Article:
Real Estate Investing
Is Owning a Short-Term Rental Property Really More Lucrative? How To Decide
Last Updated Nov 15, 2022
Table of Contents
- What is a short-term rental property?
- Is it legal to use an investment property for short-term vacation rental?
- Are short-term rental properties a good investment?
- How owning a short-term rental differs from owning a long-term rental property
- If you choose to rent your home long-term, consider Belong
Is owning a short-term rental the best option for your real estate investment? It depends on a lot of factors, so before deciding if owning a short-term rental is right for your situation, you need to consider the real cost — including time, effort and money. You should also compare and consider whether you may be better off with a long-term rental that offers stable income, tax benefits, and less wear-and-tear on your home.
With a higher per-night rate, short-term rentals can be profitable but finances are likely to vary significantly. Especially in this macro environment, where scores of short-term property owners are reporting increased vacancy rates. Additionally, the payday that can come from a popular vacation rental becomes a lot less attractive when you factor in the number of hours you’ll spend working as a frontline customer service agent for your own property.
Owning a short-term rental might be best for you if you intend to use the property for part of the year, or if you’re looking for a higher risk and reward opportunity. In the right location, short-term rentals can be very lucrative, but becoming a ‘host’ rather than a ‘landlord’ comes with considerable challenges — including the ethical implications of removing housing options from those who are currently priced out of homeownership.
A recent Bloomberg report revealed that AirBnb spends millions of dollars annually to make “nightmares” go away for guests and hosts alike. Meanwhile, local governments are fighting back against short-term rentals, which reduce the amount of available housing for full-time residents and raise rent and home prices for everyone.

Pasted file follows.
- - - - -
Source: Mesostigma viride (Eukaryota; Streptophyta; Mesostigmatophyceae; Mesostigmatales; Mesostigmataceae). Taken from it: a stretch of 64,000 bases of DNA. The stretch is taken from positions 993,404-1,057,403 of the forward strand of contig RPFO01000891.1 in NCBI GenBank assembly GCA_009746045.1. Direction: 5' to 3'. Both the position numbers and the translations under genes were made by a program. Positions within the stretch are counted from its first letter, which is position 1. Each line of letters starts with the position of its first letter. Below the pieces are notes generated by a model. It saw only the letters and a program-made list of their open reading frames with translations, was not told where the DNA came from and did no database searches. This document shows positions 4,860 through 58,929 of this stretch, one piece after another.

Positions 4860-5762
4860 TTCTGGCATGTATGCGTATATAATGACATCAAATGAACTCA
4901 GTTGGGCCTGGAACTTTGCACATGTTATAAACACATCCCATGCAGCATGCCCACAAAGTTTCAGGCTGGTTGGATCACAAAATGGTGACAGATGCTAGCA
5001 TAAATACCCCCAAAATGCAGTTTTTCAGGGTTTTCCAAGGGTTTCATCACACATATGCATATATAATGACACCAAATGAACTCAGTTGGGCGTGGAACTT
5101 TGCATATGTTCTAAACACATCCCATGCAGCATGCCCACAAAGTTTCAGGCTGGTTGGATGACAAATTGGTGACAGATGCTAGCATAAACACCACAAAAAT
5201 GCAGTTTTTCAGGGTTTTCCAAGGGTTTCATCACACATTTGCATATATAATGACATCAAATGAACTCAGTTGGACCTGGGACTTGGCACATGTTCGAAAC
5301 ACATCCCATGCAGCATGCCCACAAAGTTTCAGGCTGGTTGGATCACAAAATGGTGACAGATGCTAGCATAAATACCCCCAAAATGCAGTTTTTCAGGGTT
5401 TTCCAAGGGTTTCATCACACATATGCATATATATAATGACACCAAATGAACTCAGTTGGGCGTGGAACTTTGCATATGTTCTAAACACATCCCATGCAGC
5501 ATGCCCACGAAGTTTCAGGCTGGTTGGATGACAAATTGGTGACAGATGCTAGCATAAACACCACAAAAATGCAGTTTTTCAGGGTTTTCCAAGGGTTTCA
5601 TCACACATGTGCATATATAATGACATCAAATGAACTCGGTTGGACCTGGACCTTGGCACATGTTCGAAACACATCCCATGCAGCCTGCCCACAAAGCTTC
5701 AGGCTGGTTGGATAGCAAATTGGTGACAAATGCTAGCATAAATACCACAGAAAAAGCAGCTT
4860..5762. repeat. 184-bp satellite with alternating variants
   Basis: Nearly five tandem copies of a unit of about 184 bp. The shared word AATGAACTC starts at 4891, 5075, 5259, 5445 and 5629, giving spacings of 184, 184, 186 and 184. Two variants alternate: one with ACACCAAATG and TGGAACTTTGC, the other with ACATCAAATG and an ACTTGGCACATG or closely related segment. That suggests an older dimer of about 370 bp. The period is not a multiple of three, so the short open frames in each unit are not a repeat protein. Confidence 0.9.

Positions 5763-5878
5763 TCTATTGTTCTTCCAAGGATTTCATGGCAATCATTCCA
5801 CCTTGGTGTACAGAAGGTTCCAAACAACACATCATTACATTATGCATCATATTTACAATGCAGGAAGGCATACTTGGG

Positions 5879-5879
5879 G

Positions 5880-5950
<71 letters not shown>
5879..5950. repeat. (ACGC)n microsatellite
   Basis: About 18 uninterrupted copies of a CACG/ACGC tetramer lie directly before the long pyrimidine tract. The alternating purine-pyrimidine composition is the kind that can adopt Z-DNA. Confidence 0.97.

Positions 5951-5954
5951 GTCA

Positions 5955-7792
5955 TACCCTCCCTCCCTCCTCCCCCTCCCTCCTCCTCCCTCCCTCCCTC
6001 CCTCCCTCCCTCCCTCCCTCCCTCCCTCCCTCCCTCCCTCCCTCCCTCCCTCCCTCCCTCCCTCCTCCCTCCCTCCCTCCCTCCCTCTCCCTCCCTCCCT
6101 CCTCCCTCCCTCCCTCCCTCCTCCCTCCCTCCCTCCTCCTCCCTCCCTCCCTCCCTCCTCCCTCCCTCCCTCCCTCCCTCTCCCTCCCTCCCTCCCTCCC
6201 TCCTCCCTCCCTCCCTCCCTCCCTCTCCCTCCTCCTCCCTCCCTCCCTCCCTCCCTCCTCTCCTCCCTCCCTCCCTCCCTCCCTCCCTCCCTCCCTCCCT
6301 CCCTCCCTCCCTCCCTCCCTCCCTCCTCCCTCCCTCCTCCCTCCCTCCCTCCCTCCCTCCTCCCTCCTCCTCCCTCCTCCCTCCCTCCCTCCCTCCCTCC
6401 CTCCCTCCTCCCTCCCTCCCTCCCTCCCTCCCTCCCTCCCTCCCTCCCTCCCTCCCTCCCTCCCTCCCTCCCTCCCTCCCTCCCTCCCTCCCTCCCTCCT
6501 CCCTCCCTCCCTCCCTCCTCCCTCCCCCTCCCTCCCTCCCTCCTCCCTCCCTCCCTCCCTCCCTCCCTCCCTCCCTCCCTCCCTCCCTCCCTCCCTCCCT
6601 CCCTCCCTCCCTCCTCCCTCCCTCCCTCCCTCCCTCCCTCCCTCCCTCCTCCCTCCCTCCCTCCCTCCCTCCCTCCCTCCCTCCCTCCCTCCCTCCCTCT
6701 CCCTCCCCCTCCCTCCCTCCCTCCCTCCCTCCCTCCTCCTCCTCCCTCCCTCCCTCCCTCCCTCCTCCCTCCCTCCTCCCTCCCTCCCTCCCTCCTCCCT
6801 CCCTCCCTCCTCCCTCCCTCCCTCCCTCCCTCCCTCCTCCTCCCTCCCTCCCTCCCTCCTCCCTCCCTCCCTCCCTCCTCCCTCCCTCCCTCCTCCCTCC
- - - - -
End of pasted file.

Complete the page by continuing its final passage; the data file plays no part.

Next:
Owning a long-term rental might be better for you if you want to earn passive income, take advantage of tax strategies, and prefer a long-term investment vehicle that requires less of your time and energy. If you don’t plan to sell a property immediately, long-term rentals can offer a good return on your investment.
To help weigh up your options, in this article we dive a bit deeper into short-term rentals and what’s really involved in using your home for this purpose.
What is a short-term rental property?
A short-term rental is a residential home or investment property you rent daily, weekly, or monthly. Also known as a vacation rental, short-term rentals are typically listed on shared economy sites like VRBO, HomeAway, and Airbnb. This is a great option for people who live in their home while renting out a room, or for people who use their home for part of the year — renting the entire house for vacationers when they’re away.
This differs from a long-term rental property, which is rented to a single person/couple/family for a fixed-term on a lease agreement. This is ideal for investment properties, with homeowners benefiting from the stability of having the same residents for 12-months or more. A long-term rental is also significantly less work than managing a short-term rental — helping to achieve truly passive income if managed well.
Is it legal to use an investment property for short-term vacation rental?
Before deciding what to do with your investment property, it’s important to note that some cities either restrict or ban short-term rentals for investment homes. Residential homes that are shared are great for vacation rentals, but every investment home used for this purpose makes one less home available to local residents looking for somewhere to live. Many states and counties are intervening and introducing short-term rental ordinances and licensing fees to restrict the number of investment homes used as short-term rentals. You will need to apply for and pay for a permit to operate a short-term rental property in most states in the US.
In California, for example, there is a new Short-Term Rental Ordinance (STRO) in San Diego that caps the total number of short-term rental properties to 1% of the city’s total housing. In Los Angeles, it’s illegal to put an investment property on the short-term market, with licenses only granted to homeowners who live in the property for at least six months of the year.
Are short-term rental properties a good investment?
Whether a short-term rental property is a good investment will depend largely on your financial situation, your ability to invest the time and money into managing the high turnover of guests in the property, and the location of the home. There’s also the ethical consideration of removing a home from the rental market when homeownership is out of reach for a growing cohort of Americans.
As with any real estate investment, carefully calculate your expenses and potential cash flow. You will also need to evaluate each property to determine if it is suitable for a short-term rental.
There are unique costs associated with short-term rentals. Outside of the initial investment of acquiring the home, ongoing short-term rental expenses include:
- Furnishing the property
- Listing, marketing, and administrative costs
- Cleaning and preparing the home for every guest
- Laundering all bed linen and towels for every guest
- More regular maintenance to the property and furnishings
- Landscape maintenance if you have a yard or garden beds
- Short-term rental insurance
- Utilities such as electricity, gas and water